Many books contain a chapter or two on the history of zoos; far fewer are those which largely or totally concentrate the subject.
2009. ASHBY, ALAN. We went to the zoo today. The Golden Age of Zoo Postcards. Independent Zoo Enthusiasts Society. 119 pp.
2002. BARATAY, ERIC & HARDOUIN-FUGIER, ELISABETH. Zoo: A History of Zoological Gardens in the West. Reaktion Books Ltd, London. Translated into English by Oliver Welsh. Hb. 400 pp.
First published in French in 1998 as Zoos: Histoire des jardins zoologiques en occident.
Written by two French historians with, as far as I am aware, no connections with the world of zoology, the rhetoric is quite anti-zoo. The negative tone is set right from the front cover with its image of a barred, impoverished cage guaranteed to get the sabres rattling. The photographs are really quite good (even if one photo of a flock of pelicans at Budapest Zoo is wrongly captioned as storks) and the book is of interest for the photos alone, which is perhaps just as well because the text is littered with errors, some of them quite major. The first mistake, incredibly, occurs on the inside dust jacket: zoos did not have their origins in the Renaissance, as it claims here, but much further back. One wonders how many of these mistakes were genuine errors made by the two authors, and how many were mistakes made in translating the text from French into English. This is one of the drawbacks of republishing a book that originally appeared in a foreign language.
1968. BRIDGES, WILLIAM. The Bronx Zoo Book of Wild Animals.
2001. HANCOCKS, DAVID. A Different Nature: The Paradoxical World of Zoos and Their Uncertain Future. University of California Press. Hb. 280 pp.
This book's claim to be 'the most extensive history of zoos yet published' is questionable, especially since it had the misfortune to be published in the same year as Zoo and Aquarium History, a book which, unlike A Different Nature, concentrated exclusively on the historical aspect of zoos. Mr Hancocks calls for zoos to reinvent themselves. Many of his comments about zoo architecture are perfectly valid and zoos would do well to heed them; with some of his other pet beliefs he is on less firm ground. A staunch advocate of the so-called ‘immersion’ exhibit, he goes further still, championing the electronic zoo – a bizarre futuristic zoo whereby living animals are replaced by giant screens showing animals living in the wild.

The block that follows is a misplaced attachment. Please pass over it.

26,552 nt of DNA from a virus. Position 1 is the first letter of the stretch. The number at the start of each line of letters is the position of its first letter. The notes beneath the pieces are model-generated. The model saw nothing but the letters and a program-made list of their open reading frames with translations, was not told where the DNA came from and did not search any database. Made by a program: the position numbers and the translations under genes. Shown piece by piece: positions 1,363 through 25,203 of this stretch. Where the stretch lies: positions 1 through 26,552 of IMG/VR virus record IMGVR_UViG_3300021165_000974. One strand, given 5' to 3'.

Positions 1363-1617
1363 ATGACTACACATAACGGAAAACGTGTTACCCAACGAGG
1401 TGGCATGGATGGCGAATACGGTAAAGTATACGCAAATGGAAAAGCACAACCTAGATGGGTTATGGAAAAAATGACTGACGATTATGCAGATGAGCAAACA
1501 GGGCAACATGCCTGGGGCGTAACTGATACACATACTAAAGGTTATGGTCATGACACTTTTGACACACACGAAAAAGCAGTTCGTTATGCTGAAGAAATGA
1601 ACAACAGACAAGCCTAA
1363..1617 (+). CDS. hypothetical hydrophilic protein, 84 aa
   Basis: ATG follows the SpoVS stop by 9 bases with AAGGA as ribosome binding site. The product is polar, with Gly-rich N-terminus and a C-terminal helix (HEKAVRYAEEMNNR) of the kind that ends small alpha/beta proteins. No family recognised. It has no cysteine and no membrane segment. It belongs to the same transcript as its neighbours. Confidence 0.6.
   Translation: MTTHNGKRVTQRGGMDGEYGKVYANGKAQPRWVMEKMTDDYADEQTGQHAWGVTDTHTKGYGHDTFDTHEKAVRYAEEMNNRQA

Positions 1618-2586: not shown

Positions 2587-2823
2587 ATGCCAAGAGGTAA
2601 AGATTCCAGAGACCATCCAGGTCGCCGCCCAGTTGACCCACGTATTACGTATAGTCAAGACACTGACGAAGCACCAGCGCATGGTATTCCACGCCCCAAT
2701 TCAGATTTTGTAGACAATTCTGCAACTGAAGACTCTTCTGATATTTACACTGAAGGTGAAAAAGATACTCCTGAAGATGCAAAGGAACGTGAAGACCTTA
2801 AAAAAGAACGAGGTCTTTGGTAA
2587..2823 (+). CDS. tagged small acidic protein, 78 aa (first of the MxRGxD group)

1996. HOAGE, R.J. and DEISS, WILLIAM A. (Eds.). New Worlds, New Animals: From Menagerie to Zoological Park in the Nineteenth Century. John Hopkins University Press, Baltimore and London. Pb. 198 pp.
2001. KISLING Jnr, VERNON N. (editor). Zoo and Aquarium History: Ancient Animal Collections to Zoological Gardens. CRC Press, Boca Raton, London, New York, Washington. Hb. 415 pp.
The history of the zoological gardens of Western Europe, North America and Australia is well documented in a variety of publications as this list can testify. This book provides it all in one handy tome, and goes much further by detailing the history of the zoos of Central and Eastern Europe, Russia, the Near East, Asia, Africa and South America. There are, however, inexplicable omissions. Anyone hoping to read anything on the zoos of Canada or New Zealand will be disappointed. Nine authorities contributed chapters, including Bartlett Society founder Clinton Keeling with an essay on the ‘Zoological Gardens of Great Britain’. The Appendix lists the major zoos of the world, extant and extinct.
Date? KNOTTNERUS MEYER, T. Birds and Beasts of the Roman Zoo.
1974. POULSEN, OLGA and PARBST, ERIK. Copenhagen Zoo: The World of Animals and Us.
2002. ROTHFELS, NIGEL. Savages and Beasts: The Birth of the Modern Zoo. The Johns Hopkins University Press, Baltimore & London. Hb. 268 pp.
The role that the German animal dealer and entrepreneur Carl Hagenbeck played in the history of the public exhibition of animals. The animal park he set up at Stellingen was revolutionary and represented a whole new way of thinking, and the inspiration behind Whipsnade Zoo, London Zoo’s Mappin Terraces, and countless other exhibits in zoos around the world. A very well researched book, as the 43 pages of ‘Notes’ and the nine pages of ‘A Note on Sources’ prove.